Understanding computing disciplines to help advisors guide students in choosing the right career path
By Janet Miller and Randy Connolly
When you are out at a party, meeting new people, how do you answer the question “What do you do?” Do you respond with a job title, or do you describe some of the functions of your work? Do you try to describe the impact of your responsibilities, or do you talk about the education or training that led you into this career? In some career sectors, it can be especially difficult to answer this question in a way that provides a satisfying answer. Computing is one of those sectors.
Explaining the computing sector to better advise for computer-related careers
Jobs like Software Developer or Gaming and Multimedia Specialist might sound familiar, but when we are asked to really describe what these people do, many career advisors struggle to have clear answers about the tasks of the job and the recommended post-secondary training. Answering the question “What do you do?” gets even more uncertain when we are talking about fields like bioinformatics, IT security or computational science. To make it even more complicated, the field of computing has expanded rapidly over the past decade, and we know that many current computing students will take on jobs that do not even exist today. Despite this complexity and breadth, online career counselling resources typically treat computing as a single discipline, usually labelled Computer Science. Research and practice have shown that computer science programs are often the first to be recommended to prospective students, and based on the nearly 50% attrition rate reported by these programs (Beaufouef & Mason, 2005; Chen & Soldner, 2013), we know that this is not the best fit for all students interested in computing.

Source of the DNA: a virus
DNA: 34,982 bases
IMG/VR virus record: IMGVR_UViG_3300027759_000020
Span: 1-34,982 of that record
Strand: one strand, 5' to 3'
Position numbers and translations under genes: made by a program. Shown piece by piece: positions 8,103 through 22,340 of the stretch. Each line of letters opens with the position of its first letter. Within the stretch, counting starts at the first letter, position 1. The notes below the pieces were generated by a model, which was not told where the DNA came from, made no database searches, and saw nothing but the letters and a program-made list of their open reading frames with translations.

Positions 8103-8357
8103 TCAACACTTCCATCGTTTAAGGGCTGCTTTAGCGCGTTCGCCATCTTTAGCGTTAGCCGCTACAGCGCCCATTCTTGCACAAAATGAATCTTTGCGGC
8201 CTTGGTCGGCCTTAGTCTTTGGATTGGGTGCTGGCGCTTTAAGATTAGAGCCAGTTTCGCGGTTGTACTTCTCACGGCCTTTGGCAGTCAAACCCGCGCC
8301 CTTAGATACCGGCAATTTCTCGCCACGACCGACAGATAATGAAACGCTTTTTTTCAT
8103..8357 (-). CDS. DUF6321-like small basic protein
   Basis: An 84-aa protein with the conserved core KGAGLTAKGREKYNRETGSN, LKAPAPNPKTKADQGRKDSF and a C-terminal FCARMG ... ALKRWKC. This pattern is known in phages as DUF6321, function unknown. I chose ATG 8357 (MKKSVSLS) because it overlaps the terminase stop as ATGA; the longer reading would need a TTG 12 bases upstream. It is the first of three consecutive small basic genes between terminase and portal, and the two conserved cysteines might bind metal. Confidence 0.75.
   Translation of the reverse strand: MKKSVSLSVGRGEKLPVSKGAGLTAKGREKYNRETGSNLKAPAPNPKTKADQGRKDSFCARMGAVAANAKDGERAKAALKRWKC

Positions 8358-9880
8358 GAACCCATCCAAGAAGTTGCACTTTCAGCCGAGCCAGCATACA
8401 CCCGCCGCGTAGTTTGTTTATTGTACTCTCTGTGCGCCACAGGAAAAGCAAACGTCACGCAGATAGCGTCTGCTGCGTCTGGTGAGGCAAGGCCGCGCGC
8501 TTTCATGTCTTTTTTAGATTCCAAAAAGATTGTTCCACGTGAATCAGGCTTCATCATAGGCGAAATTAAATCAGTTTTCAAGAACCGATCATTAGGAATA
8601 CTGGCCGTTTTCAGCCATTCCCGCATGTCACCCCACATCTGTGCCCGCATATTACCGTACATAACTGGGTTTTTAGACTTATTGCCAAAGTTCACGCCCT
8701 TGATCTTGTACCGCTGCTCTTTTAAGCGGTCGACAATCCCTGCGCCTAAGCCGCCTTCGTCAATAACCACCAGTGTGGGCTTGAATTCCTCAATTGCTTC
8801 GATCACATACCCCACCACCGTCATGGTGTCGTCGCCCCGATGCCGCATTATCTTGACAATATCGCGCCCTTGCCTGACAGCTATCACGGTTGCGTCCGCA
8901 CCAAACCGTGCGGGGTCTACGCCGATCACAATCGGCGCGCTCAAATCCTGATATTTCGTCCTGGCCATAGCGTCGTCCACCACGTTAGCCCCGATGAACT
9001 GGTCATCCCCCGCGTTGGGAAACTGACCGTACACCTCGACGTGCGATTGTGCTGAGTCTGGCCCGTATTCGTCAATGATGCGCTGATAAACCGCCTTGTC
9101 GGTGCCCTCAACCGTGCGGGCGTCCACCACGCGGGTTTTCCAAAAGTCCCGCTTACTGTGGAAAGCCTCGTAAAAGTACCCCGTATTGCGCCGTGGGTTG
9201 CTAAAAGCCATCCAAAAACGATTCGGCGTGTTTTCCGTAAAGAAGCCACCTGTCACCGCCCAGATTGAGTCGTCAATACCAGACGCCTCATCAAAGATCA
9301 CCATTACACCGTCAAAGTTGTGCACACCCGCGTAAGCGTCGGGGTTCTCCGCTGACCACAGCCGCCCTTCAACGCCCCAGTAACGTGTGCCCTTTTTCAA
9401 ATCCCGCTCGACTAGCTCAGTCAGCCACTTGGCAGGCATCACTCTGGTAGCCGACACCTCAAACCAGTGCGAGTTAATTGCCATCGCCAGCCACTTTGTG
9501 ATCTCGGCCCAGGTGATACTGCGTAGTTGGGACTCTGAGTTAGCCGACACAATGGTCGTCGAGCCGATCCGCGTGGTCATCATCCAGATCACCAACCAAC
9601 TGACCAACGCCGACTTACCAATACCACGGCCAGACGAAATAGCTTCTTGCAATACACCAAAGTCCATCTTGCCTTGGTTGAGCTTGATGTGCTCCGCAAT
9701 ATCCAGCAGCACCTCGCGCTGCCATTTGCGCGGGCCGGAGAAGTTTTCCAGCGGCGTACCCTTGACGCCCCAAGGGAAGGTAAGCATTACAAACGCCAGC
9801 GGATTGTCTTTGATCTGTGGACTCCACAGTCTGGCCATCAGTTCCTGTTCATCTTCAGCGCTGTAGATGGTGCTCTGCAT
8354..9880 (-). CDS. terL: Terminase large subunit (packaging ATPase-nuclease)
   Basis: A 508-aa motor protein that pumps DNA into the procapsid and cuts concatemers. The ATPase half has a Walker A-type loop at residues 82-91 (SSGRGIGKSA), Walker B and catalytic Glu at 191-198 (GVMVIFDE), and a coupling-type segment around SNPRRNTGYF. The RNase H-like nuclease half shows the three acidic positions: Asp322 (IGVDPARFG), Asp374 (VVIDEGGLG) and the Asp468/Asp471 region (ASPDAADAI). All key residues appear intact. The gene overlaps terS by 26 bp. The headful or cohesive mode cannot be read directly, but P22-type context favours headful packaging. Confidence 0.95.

This is similar to working with a student who is interested in the food and beverage industry but who is only exploring careers related to cooking. With support from a knowledgeable advisor, this prospective student may also consider food and beverage-related marketing, business administration, bartending, front-of-house service work, sales, construction, skilled trades, accounting or interior design. Helping this student to engage in study at an applied institute for culinary training might be the best fit, or alternatively, a university degree program focused on public relations and communication skills might be more in line with their actual industry-related interests.
Despite the fact that computer-related careers are the paradigmatic work of the 21st century, surprisingly little is known about the range of work people can do within this field. Perceptions of computing are especially shaped by stereotypical portrayals in film and television (insert mental picture of cubical work or darkened basements, of hackers and programming geeks, here). Constraints we face as career advisors when working to support career exploration in the computing disciplines include these media-reinforced clichés, and access to only generalized information about this complex and growing field.